Earlier today, I took a math exam and there was one problem that I just couldn't solve. The problem is as follows:
The lines y=10-2x, y=mx and y=(-1/m)x, where m > 1/2, form a right triangle. Find an m, so that the area measurement of the triangle is as small as possible.
I just couldn't, for the life of me, find a suitable function which I could take the derivative of. I made some honest attempts at solving this, but nothing gave me a definitive answer. Some of the methods I tried were;
a^2 + b^2 = c^2 => m^2x^2 + x^2/m^2 = 4x^2 - 40x + 100 => x^2(m^2+ 1/m^2) = 4x^2 - 40x + 100 => m^2 + 1/m^2 = (4x^- 40x + 100)/x^2 Then I took the derivatives of both sides (with respect to m on the left side and to x on the right) and got: 2m - 2(1/m^3) = 40 * (x-5)/x^3 which gave me: x=5 and m=1, but since 5 is the root of one of our lines (y=10-2x), we can't use x=5 in any further calculations...I think. Whatever I try to do and however I try to solve this, I always seem to end up with a negative number.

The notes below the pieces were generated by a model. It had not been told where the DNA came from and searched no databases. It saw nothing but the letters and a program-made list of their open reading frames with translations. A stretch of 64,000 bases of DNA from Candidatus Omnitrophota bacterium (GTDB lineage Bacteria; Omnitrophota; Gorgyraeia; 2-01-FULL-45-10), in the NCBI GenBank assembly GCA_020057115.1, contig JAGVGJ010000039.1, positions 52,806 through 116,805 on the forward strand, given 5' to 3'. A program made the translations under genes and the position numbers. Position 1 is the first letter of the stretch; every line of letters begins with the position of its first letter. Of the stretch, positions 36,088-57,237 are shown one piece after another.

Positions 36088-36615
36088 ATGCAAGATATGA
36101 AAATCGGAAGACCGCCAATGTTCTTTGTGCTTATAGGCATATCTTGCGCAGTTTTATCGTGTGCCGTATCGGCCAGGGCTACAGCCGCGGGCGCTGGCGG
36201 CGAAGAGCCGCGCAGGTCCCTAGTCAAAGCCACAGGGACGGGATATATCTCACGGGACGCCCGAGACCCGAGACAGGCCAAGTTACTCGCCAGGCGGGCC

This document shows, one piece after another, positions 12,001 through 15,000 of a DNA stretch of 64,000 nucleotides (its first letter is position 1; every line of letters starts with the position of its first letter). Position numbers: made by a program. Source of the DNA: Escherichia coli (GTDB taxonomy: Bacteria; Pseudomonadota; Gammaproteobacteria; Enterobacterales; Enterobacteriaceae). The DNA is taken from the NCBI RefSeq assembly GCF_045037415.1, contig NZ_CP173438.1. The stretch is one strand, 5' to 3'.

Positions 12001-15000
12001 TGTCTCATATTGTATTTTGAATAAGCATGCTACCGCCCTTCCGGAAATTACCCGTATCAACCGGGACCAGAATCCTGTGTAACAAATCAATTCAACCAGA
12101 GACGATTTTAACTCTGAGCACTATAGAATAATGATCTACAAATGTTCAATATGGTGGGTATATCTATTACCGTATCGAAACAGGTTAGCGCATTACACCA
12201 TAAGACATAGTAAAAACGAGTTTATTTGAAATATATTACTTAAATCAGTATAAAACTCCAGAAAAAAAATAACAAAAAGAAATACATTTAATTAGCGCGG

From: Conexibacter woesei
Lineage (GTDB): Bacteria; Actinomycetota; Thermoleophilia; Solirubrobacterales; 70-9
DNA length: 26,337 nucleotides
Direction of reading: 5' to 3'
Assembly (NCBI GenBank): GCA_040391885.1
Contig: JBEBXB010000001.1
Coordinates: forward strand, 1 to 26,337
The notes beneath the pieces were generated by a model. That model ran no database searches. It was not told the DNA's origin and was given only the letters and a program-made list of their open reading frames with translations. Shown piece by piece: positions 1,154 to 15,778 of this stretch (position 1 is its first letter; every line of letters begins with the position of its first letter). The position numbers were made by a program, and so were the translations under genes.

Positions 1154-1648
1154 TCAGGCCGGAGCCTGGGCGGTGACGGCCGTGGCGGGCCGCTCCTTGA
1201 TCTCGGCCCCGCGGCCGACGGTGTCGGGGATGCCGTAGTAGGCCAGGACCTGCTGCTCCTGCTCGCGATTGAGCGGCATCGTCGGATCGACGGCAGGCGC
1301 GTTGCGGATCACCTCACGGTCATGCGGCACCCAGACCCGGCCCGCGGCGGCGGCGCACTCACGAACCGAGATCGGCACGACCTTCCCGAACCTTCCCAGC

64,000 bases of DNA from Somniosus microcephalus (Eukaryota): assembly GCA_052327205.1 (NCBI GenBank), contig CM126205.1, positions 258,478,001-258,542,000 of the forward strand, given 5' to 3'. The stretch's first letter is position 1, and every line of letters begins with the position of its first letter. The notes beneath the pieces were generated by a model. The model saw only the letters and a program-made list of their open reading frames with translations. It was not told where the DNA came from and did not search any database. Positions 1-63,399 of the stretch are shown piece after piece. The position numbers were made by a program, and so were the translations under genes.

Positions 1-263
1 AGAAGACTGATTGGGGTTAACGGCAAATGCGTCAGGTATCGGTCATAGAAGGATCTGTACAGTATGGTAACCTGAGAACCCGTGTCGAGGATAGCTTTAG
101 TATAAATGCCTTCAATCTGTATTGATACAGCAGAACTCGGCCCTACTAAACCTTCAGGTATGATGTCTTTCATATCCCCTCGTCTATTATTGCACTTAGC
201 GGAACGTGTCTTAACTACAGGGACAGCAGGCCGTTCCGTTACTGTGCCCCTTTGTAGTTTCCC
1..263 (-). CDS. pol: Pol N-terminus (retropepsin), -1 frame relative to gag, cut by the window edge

Anyways. I'm not getting any closer to solving this at the moment. Any help will be greatly appreciated.